In my day job as the editor of The Englewood Review of Books, I’ve staked my life and work on the hope that reading carefully and well will undoubtedly transform us, reforming the ways that we think, talk about and live within this wondrous web of life that is God’s creation. To be a disciple is to be a learner, always growing and allowing God to gently mold our minds in the direction of Christ-likeness.
Here are seven books that have stretched my faith and helped me to grow deeper into the abundant life of Christ. In talking about these books with some friends, I was reminded that books that challenge us at one stage of life or faith may not seem so challenging as we continue to mature. I hope that wherever you are on your faith journey, you will find a book or two here that will unsettle you and cause you to grow.
The Cost of Discipleship
Have we considered the cost of following Jesus? Bonhoeffer challenges us to imagine a faith that is about something bigger than our own personal selves, inviting us into the shared life of Christ’s body, the Church. Bonhoeffer lays the foundation for a life of faith that is rooted in God’s transformation of our lives and the life of creation as a whole.
Surprised by Hope: Rethinking Heaven, the Resurrection, and the Mission of the Church
In many parts of evangelical Christianity, there is a strong temptation to focus on the hereafter, our eternal life with God. N.T. Wright challenges us to fight this temptation and focus on living faithfully in the present, bearing witness to God’s healing and reconciling work today. The good news of the Gospel is not just about the future, but is indeed good news for all humanity in this present age as well.
Daring Greatly: How the Courage to Be Vulnerable Transforms the Way We Live, Love, Parent, and Lead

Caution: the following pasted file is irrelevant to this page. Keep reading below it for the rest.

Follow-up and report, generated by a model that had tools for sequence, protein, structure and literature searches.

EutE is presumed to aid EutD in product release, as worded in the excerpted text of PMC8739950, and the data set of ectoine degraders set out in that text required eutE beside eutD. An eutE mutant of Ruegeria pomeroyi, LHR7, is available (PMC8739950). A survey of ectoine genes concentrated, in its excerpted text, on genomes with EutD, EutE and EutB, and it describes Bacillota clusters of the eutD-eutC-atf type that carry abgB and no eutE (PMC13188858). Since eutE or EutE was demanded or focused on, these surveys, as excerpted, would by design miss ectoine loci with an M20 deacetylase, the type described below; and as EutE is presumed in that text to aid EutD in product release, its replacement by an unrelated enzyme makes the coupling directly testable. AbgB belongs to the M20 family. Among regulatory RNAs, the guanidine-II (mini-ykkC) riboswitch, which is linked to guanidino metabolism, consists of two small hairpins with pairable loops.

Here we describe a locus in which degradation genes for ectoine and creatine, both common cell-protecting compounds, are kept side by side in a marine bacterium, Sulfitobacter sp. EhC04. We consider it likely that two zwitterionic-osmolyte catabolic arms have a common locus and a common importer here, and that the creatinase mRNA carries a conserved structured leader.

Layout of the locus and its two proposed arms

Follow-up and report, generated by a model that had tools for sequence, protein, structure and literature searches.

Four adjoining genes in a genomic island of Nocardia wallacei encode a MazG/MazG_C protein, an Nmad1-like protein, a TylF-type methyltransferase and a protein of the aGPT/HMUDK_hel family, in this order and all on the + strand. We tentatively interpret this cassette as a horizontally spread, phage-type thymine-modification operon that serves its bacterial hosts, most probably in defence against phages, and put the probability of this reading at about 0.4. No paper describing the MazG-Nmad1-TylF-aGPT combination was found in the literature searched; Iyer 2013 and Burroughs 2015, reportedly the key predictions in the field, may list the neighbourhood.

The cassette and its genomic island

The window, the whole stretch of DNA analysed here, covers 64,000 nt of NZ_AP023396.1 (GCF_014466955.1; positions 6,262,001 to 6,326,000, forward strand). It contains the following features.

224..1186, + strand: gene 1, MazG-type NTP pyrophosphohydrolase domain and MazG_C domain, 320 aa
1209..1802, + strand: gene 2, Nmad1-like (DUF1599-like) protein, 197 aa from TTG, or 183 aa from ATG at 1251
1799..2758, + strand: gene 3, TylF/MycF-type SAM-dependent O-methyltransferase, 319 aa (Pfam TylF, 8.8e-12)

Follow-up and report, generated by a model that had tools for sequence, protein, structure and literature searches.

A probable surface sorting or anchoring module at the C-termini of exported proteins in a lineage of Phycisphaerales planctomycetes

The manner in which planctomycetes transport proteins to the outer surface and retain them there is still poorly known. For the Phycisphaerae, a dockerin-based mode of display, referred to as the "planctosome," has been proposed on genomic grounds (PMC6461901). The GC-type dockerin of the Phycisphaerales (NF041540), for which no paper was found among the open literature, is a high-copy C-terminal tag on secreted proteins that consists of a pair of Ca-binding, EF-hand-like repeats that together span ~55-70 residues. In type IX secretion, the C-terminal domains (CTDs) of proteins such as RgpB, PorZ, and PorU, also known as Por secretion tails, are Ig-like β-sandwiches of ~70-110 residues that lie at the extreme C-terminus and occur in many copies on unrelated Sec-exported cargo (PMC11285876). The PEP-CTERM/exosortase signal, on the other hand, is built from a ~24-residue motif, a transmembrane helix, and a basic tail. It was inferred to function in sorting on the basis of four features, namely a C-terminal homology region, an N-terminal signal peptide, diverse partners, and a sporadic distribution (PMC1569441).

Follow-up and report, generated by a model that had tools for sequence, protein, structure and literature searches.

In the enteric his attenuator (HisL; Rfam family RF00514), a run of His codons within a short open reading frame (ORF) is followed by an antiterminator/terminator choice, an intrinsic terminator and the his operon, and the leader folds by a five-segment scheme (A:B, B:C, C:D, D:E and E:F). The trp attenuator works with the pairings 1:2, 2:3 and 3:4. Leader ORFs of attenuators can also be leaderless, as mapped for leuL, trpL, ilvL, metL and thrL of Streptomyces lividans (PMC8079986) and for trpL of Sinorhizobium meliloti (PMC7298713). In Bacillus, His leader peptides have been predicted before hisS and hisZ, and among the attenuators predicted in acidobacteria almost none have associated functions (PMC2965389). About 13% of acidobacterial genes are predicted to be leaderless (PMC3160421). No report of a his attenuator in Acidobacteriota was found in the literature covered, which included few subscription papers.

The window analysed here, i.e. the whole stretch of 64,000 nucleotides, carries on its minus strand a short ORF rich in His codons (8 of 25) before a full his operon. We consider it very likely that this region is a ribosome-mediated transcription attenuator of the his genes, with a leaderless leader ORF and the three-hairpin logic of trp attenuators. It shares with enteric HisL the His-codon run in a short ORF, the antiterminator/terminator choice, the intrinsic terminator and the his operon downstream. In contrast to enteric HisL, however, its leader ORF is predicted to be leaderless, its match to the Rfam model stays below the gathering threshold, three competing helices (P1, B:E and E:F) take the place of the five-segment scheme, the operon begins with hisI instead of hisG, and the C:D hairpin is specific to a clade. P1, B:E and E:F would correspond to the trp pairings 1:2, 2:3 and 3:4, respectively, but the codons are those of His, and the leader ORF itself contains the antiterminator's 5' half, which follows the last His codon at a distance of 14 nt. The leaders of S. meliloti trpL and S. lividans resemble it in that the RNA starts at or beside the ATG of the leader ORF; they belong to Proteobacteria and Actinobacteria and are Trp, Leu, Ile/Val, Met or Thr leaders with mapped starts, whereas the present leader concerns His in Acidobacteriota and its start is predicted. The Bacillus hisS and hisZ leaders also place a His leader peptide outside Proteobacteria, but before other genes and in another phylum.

While not strictly speaking a Christian book, Brené Brown puts her finger on one of the virtues that lies at the very heart of who Jesus is—vulnerability. Brown invites us into the way of vulnerability, which is the way of Christ-like love. Like Bonhoeffer, she reminds us that our faith and life must be about more than our own comfort or security; we must learn to take risks for sake of loving others.
Trouble I’ve Seen: Changing the Way the Church Views Racism
Since the earliest days of slavery, through the Jim Crow era and into the criminal justice system today, the United States has been formed by its long history of racism. Our churches are not immune to this history. Hart clearly and succinctly narrates the story of how the deep brokenness of race in America has shaped our churches today and orients us in the direction that we will need to go in order to find God’s healing.
Trouble I’ve Seen challenges us to lament our past, to recognize the depth of racism in ourselves and our churches, and to change our ways, beginning to move toward the rich fellowship that God intends for all people.
The Poisonwood Bible: A Novel
Kingsolver’s well-crafted novel brings us face to face with vital questions about what it means to proclaim the gospel in a country that is not our home. To what extent are we teaching the way of Jesus, or to what extent are we teaching a gospel in which Jesus is mixed up with the culture of our native land? Set in the Belgian Congo in the early 1960s, the Price family, who are Baptist missionaries there, must come to grips with these questions as they learn the realities of this central African land.
Silence: A Novel
Recently adapted into film by Martin Scorsese, this novel wrestles with similar questions as The Poisonwood Bible, but in a very different era: seventeenth century Japan. The book’s title implies one of its central questions: How do we know what it means to follow Jesus, when God so often seems to be silent? Father Rodrigues, a Portuguese missionary, faces the dilemma of whether it is better to adhere rigidly to one’s Christian faith, when publicly renouncing it would save the lives and suffering of other Christians.
A Generous Orthodoxy
Brian McLaren sketches the contours of a Christian faith that has a deep respect for tradition, but yet generously (or, one could say, charitably) applies the virtues of that tradition to the challenges of the present. This course steers clear both of tossing tradition to the wind and of being so tightly bound to tradition that we cannot respond faithfully and courageously to the realities of our times. For a brief but insightful introduction to the concept of generous orthodoxy, I recommend Malcolm Gladwell’s recent podcast episode of the same name.